It really feels like everybody was on cruise control as they made this. The screenwriters took the basic framework of Casablanca, played mad libs with it, and then decided to let Bogart keep the girl at the end. There is a laziness to the fairly unnecessary subplot that takes up the first twenty minutes, that I simply could not abide by. When you have names as legendary as Bogart and Hawks, you expect something dynamic and tightly woven. Hawks was renowned for his ability to get to the point and express his ideas with a startling clarity of vision, so why did he have to lose his knack when it came to this project? He took his foot off the gas and it severely hurts a film that should be a blend between a sexy erotic drama and a tense, exhilarating thriller. Everybody is so lethargic that nothing ever quite kicks into gear.
It ends up being most notable for Bacall’s presence, which was to be expected, but even she was rather disappointing. I have come to realize that there are several stars who are more arresting as models than screen presences. I can draw more out of a promotional shot of Bacall than I can get out of her appearances in films. When she shows up on the screen, she still has that incredible face, and yet she’s always a little stiff and withholds too much from the camera. That veneer of imperious hauteur turned her into a sex symbol, but when that facade wobbles, and we notice that she appears deeply uncomfortable in her role, she loses our interest. Unlike Rita Hayworth, another screen goddess, she never fully dazzled me, and when she displays a touch of fragility, the move feels too calculated to mean anything. There was a streak of mania that ran through Hayworth’s performances, and that made her enigmatic and compelling, even when the camera was leering at her breasts. Bacall has a couple of tricks and seems completely unwilling to draw on anything that might seem too raw or immediate for audience members who want to see her as a fantasy girl. Unfortunately, she becomes less intriguing because of her limitations as an actress and her aversion to risk taking. I don’t need every movie star to be a brilliant actor, but I expect them to be less awkward than Bacall.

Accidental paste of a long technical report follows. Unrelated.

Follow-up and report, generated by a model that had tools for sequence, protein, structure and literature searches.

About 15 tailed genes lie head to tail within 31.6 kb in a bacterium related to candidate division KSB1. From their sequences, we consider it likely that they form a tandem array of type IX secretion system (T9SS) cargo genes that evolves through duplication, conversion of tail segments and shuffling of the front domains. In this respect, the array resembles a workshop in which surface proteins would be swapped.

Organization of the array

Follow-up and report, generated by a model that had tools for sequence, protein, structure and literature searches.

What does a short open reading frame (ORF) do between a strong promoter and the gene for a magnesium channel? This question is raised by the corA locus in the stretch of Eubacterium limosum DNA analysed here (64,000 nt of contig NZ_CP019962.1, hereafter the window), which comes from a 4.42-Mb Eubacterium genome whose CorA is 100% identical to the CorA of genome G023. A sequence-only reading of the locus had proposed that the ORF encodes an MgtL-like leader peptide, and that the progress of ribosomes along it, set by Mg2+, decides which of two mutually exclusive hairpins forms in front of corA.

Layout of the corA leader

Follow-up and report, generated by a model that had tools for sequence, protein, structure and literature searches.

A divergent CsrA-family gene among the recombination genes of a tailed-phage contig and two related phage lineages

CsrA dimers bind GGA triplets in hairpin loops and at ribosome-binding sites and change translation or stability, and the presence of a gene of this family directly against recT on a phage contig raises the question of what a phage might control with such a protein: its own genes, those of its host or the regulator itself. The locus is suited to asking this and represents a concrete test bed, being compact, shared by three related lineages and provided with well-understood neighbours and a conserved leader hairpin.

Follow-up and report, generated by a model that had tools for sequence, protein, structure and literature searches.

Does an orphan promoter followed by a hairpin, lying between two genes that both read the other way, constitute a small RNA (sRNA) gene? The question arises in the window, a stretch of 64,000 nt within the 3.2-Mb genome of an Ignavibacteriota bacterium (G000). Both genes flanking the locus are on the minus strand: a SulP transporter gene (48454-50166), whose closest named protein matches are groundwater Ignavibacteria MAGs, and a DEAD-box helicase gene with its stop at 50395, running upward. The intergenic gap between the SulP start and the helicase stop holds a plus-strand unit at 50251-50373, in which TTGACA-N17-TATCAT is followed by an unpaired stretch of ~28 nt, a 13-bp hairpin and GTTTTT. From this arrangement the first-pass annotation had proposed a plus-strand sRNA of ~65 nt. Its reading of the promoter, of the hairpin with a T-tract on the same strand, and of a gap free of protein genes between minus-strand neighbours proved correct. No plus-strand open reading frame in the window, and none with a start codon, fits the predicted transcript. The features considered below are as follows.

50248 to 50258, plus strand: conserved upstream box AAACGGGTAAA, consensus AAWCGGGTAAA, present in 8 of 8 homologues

I criticize her performance so heavily because she is the real selling point of a film that is low-rent Casablanca on almost every other level. Bogart and Hawks, the veterans with a lot of pedigree, deserve an even larger share of the blame, as they didn’t pull their weight in a situation where they had all sorts of resources handed to them. With a better foundation to work with, Bacall might have seemed like more of a commanding screen idol.
As it is, I would suggest that people look at binders of artfully lit photographs of Bacall. She manages to radiate that enigmatic quality that she fails to capture in her films. You want to know more about the smirking teenager who gazes up at you through her eyelashes when she’s looking out at you in still image form. That’s the real Bacall experience, and it’s disappointing to see that she’s not all that she’s cracked up to be when it comes to her most famous film performance.
This presumably made the list because Bogie and Bacall are some of the most iconic couples of Old Hollywood. It doesn’t matter that we care more about them as mythical characters built up by tabloid stories; they did make a couple of films together. To leave them off of a list of iconic romances would seem like a criminal offense. They are here because they are legendary celebrities. Their place on the list has very little to do with any critical evaluation of the film at hand.